Paul DeCotis will be speaking at August's EUCI sponsored conference: The Communication Strategies for Transmission Project Management.

Paul DeCotis, director in West Monroe Partners' Energy & Utilities practice, will be speaking at August's EUCI sponsored conference: The Communication Strategies for Transmission Project Management.

When: August 19th – 20th, 2014

Where: New York, NY

What: EUCI sponsored conference: The Communication Strategies for Transmission Project Management. The target audience for this event is senior level Public Affairs and Communication Directors, Transmission Project Managers, and Transmission Construction Contractors and Consultants. The purpose of this conference is to take a more in-depth look at strategic communication issues throughout all aspects of a transmission project, from pre-permitting to post construction. Attendees want to learn, in laymen terms, about the complex issues of a transmission project in order to communicate effectively to all of the stakeholders involved (the public, municipalities and regulators).  Proposed topics include:

  • Pre-permitting - what are regulators looking for?  How do you describe construction impact to the public? When do you begin speaking with public?
  • Integrating ROW acquisition and communication outreach
  • Undergrounding 101
  • Overall project cost – how do you explain cost to regulators, municipalities, and public?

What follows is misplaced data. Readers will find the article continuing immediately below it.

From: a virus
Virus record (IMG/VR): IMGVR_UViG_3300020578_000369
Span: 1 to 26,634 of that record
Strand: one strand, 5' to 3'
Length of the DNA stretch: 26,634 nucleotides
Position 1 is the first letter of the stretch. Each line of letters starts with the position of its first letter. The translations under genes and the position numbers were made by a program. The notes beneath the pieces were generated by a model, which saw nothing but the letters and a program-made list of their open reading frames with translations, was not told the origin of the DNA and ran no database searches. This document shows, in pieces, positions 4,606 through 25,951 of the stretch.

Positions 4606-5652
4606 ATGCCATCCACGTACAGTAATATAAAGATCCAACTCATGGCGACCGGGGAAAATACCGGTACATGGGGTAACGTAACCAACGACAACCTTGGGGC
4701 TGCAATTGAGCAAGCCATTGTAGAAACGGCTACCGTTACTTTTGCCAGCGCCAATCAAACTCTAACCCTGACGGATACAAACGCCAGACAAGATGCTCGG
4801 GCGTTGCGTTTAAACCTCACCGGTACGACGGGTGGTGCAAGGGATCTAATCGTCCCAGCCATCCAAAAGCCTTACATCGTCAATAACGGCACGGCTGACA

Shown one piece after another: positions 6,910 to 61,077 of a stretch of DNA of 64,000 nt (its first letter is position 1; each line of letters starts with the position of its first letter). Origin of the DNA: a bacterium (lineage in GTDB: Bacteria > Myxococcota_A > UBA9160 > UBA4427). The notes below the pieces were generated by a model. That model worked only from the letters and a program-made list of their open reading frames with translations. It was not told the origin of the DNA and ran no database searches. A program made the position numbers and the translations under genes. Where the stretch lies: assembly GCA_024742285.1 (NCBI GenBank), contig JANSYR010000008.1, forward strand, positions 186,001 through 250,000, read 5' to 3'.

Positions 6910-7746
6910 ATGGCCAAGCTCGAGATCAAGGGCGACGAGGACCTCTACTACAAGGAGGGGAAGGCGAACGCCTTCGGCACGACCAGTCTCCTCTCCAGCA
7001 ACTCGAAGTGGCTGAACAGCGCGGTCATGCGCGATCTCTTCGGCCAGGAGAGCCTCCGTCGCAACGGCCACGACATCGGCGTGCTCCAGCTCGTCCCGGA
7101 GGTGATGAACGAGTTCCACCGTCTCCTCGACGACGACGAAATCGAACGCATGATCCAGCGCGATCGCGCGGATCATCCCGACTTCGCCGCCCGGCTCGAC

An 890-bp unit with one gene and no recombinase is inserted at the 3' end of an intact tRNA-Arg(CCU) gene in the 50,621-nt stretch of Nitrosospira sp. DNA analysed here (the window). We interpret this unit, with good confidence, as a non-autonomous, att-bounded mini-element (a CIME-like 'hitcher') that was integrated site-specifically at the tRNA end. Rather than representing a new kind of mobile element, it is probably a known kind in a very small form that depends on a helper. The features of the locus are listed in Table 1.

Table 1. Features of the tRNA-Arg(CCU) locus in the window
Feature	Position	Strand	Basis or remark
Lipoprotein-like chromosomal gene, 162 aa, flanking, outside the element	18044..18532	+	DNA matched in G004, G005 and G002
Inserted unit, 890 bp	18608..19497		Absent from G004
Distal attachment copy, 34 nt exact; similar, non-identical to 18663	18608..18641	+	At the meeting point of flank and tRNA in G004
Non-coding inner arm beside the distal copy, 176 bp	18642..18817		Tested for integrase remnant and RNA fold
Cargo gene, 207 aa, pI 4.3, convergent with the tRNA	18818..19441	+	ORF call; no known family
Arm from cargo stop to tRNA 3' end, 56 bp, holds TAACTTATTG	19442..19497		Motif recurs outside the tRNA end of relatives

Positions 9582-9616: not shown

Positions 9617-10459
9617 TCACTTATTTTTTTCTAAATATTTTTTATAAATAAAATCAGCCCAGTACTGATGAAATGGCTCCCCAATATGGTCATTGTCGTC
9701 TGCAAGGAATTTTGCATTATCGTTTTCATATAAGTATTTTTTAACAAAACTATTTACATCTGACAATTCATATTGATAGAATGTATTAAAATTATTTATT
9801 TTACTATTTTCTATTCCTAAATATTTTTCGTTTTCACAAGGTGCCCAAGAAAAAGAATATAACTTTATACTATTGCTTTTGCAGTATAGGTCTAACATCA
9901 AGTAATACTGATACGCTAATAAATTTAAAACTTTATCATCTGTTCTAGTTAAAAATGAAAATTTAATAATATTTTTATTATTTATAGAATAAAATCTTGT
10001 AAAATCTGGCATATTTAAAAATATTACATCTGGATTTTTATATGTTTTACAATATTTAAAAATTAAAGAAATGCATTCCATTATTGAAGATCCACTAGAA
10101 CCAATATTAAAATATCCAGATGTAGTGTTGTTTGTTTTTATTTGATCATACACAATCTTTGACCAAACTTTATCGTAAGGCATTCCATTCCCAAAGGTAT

• Real estate value impact
  • Electric magnetic fields
  • Cultural resource impact
  • Environmental impact
  • Construction – how do you minimize impact on surrounding businesses and residents?
  • Post Construction -  visual impact mitigation

Topic: Overall project cost – how do you explain cost to regulators, municipalities, and public?
Estimating the costs and conveying the concept and plan for siting new transmission projects while complicated, does not have to be a communications nightmare. Regulators have to approve projects and cost recovery, local governments have to grant permits, and citizens’ will have to accept or at least tolerate local impacts, including construction, potential road disruption, noise, and long-lasting visual impacts. All parties have a right to know what is involved. Communication strategies for transmission project management need to be characterized by openness, transparency, accuracy, and the realistic assessments of impacts. Impacts must include reliability, visual, land, and cost, and must be compared to the next best alternative. Communications need to answer the question “if not this, then what” provided that a real “need” for this or some other alternative or substitute project exists. Examples, case studies, and best practices will be discussed and presented to improve communications and involve a multitude of stakeholders in successful project design and delivery.